The Barbican Estate is one of my favourite places in London, and also one of the strangest from an architectural standpoint. Located in the heart of the City of London, it seems at odds with its surroundings as a monument to brutalist architecture in the heart of London’s financial centre. It’s home to around 2,000 residents, an arts centre and an almost unhealthy amount of concrete. And yet out of all of this, I think something strangely beautiful emerges.
I visited right in the midst of the UK’s infamous 2022 heatwave, and let me tell you a concrete jungle is about the worst place to be when trying to escape the heat. But I wanted to embrace the opportunity of exploring the Barbican’s labyrinthine pathways and remarkable views.
The Barbican is noteworthy for its forward thinking layout. Essentially existing on two levels with the roads down on the ground, and everything connected by raised walkways suspended above. Readers of my blog will know how much I value places which separate people from traffic, and the Barbican is a prime example of this philosophy in action.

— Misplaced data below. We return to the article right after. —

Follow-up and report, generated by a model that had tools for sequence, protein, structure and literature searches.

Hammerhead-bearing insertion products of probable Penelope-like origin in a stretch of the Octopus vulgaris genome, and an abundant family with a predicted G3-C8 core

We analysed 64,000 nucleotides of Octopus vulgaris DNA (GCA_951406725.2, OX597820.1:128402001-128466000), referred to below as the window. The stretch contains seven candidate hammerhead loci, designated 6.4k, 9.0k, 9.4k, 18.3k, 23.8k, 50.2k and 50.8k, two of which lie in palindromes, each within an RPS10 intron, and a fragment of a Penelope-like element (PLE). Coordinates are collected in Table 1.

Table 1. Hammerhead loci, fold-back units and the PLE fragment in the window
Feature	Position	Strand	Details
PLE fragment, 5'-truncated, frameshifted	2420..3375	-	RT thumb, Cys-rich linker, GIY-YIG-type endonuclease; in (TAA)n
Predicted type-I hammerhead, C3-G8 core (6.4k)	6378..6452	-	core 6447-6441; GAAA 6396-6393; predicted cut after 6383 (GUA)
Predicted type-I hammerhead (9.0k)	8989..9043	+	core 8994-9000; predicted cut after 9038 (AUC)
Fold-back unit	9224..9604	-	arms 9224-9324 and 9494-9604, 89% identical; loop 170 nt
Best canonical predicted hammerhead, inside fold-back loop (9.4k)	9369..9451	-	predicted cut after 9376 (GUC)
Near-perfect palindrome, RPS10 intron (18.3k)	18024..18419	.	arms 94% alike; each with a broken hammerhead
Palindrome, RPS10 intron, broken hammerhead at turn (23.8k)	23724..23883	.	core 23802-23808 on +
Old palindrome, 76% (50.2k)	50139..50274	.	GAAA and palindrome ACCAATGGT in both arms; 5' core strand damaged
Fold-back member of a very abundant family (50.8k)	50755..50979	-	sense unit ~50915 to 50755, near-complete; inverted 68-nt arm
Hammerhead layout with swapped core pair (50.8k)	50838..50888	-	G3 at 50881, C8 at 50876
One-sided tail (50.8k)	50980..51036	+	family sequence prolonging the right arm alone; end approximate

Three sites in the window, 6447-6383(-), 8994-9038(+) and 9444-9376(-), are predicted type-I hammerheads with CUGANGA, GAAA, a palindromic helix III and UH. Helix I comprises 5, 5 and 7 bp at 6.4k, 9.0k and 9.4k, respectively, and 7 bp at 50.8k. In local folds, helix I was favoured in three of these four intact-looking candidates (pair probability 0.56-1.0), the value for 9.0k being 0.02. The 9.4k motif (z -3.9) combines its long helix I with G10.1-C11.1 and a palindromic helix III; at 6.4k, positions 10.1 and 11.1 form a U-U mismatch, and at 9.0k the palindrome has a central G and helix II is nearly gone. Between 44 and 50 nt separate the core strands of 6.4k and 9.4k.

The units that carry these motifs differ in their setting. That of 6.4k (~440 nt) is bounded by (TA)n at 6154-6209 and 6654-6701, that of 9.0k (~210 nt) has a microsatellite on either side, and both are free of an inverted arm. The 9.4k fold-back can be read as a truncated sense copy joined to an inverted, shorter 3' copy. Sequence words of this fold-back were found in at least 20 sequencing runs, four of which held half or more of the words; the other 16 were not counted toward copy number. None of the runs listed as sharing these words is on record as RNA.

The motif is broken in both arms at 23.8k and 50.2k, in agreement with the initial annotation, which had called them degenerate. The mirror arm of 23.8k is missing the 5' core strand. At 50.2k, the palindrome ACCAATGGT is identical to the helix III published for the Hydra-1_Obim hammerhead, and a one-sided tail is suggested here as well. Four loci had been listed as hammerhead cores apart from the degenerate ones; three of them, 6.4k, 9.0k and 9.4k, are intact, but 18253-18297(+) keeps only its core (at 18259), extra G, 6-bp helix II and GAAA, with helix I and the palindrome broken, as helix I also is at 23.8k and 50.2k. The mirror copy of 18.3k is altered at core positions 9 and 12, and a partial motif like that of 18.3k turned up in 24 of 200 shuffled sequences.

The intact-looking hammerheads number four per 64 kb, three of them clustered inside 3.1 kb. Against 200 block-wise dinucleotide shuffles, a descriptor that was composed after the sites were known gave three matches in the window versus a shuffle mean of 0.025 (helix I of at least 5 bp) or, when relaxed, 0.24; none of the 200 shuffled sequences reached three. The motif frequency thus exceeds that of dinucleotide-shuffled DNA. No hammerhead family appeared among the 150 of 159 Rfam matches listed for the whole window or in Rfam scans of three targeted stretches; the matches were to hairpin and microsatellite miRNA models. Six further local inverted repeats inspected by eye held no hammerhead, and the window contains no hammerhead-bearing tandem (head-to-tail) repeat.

Due to its location and layout, the Barbican hasn’t suffered the same fate as most council estates. Residences here are sought after, and a quick glance shows that even a modest sized maisonette goes for well over a million pounds. With the adjunct Barbican Centre, it’s also a hub for the performing arts with concerts, plays and film screenings amongst other events.
I do love brutalist architecture, but I’m at least one undergraduate degree away from being able to speak to it with any kind of informed authority. So, I’ll let this piece function as a photo essay in which the images can evoke their own narrative without my commentary.
If you want to visit – and I recommend you should if you’re in town – it’s within reach of either Moorgate or Barbican stations which are on multiple tube and national rail lines.
There are also some additional resources at the bottom should you wish to learn more.